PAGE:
A genial "Hangover" for the AARP set, "Last Vegas" is roughly what you'd expect, or fear, but a little better. The four stars of the thing, born between 1937 and 1947, are Michael Douglas, Robert De Niro, Morgan Freeman and Kevin Kline. The set-up: Lifelong Flatbush-born pals reunite for the bachelor party of the Douglas character, a Malibu slicko marrying a much younger woman. Old grudges reignite; new hijinks (bikini-contest judging, fistfights with twerps one-third their age) ensue; a tax attorney turned Vegas lounge singer (?
SPORTS
October 14, 2013 | By Kevin Baxter
Win and they're in. Anything else and ... well, it's complicated. Heading into Tuesday's final match day of the CONCACAF qualifying tournament for next summer's World Cup, Mexico faces a series of possible outcomes that could either send it on to Brazil or send it home until qualifying begins for the 2018 tournament. Here are the scenarios Mexico faces, from best to worst: • If El Tri beats Costa Rica by at least two goals and winless Jamaica beats Honduras, Mexico would move past Honduras into third place and join the U.S. and Costa Rica as one of CONCACAF's three automatic qualifiers for Brazil.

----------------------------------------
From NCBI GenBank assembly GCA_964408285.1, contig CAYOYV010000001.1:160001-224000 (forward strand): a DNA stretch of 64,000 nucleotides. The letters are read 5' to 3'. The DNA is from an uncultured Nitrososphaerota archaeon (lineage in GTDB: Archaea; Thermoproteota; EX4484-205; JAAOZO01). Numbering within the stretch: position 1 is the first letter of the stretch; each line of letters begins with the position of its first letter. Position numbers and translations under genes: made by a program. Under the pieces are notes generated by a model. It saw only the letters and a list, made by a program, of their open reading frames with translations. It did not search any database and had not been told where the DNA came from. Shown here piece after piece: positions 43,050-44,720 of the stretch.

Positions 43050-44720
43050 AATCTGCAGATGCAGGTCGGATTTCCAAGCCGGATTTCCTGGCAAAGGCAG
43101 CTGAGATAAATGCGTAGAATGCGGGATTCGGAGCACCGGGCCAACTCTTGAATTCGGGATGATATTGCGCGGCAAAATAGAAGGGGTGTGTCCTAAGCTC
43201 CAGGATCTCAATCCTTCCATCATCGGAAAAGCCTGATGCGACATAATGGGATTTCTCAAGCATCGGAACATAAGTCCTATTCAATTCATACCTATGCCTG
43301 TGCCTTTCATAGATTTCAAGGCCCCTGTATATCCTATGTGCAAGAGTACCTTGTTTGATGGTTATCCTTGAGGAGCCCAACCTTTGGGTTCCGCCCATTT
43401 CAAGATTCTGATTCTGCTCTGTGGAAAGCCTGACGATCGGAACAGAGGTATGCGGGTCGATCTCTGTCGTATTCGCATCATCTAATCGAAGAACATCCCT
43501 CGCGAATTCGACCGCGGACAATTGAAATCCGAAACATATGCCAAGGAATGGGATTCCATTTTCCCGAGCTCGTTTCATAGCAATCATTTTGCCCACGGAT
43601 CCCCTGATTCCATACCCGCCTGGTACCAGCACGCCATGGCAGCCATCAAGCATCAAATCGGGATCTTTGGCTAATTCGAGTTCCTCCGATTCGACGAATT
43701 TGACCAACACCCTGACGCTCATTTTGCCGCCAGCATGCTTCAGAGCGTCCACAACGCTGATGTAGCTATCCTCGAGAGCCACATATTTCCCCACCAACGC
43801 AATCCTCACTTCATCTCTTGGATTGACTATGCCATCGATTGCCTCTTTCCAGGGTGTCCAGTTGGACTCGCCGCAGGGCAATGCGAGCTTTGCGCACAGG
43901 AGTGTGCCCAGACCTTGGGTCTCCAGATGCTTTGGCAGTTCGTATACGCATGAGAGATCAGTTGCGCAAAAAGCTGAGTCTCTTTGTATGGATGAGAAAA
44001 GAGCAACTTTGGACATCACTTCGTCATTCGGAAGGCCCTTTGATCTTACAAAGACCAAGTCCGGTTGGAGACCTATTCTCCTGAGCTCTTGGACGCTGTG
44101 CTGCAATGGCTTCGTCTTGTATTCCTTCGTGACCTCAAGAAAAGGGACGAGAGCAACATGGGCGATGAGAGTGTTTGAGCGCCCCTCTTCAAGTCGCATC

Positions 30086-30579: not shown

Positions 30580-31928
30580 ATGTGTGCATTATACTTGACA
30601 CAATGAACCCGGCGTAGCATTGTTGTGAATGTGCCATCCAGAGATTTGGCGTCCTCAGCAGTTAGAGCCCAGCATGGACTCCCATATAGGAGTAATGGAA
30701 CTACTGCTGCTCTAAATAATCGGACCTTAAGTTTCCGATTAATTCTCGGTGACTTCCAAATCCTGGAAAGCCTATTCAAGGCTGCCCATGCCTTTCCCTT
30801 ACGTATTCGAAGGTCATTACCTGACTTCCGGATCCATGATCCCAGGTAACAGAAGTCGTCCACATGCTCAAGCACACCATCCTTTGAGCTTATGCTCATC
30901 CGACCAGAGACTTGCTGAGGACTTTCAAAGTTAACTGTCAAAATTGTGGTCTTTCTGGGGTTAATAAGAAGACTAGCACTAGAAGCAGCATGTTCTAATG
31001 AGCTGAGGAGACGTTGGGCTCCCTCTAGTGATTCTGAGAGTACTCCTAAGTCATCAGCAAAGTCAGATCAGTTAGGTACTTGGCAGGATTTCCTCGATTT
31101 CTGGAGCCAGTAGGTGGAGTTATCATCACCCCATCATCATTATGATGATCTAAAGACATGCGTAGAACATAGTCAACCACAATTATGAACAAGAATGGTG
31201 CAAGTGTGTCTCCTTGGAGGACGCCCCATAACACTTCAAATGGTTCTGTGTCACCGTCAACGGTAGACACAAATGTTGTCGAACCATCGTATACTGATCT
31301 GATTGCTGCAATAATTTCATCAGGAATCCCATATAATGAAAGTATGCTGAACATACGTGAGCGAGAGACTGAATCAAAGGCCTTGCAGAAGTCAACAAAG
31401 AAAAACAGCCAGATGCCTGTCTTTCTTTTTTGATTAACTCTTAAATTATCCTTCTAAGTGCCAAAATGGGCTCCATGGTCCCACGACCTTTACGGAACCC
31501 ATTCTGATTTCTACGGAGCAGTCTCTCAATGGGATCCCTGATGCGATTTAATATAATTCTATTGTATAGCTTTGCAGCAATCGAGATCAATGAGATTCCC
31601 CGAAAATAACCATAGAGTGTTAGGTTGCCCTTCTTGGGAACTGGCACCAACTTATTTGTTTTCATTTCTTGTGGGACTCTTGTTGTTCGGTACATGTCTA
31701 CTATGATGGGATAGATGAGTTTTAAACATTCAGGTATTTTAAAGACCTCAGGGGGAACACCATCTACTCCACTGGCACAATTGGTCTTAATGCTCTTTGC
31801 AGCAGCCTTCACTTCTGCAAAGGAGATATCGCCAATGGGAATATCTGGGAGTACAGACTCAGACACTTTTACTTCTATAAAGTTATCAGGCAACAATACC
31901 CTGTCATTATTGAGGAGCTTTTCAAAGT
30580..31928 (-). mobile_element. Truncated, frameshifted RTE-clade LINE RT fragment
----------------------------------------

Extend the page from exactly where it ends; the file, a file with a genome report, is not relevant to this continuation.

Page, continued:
NEWS
July 15, 2013 | By Patt Morrison
Just how could it have happened that those schlock-comic-racist-bogus Asian names got on the air, anyway? “Captain Sum Ting Wong” and pilot “Wi Tu Lo” are two of the names read on the air on Bay Area station KTVU and put up on the screen during a Friday newscast about the Asiana Airlines crash that killed three people. The Asian American Journalists Assn. president let the station know about the group's “outrage” over the “on-air blunder that made a mockery of the Asiana Airlines tragedy.” KTVU and the anchor have apologized profusely, and the station pointed out that it had done what it was supposed to do before airing the story: It called the National Transportation Safety Board to check the names.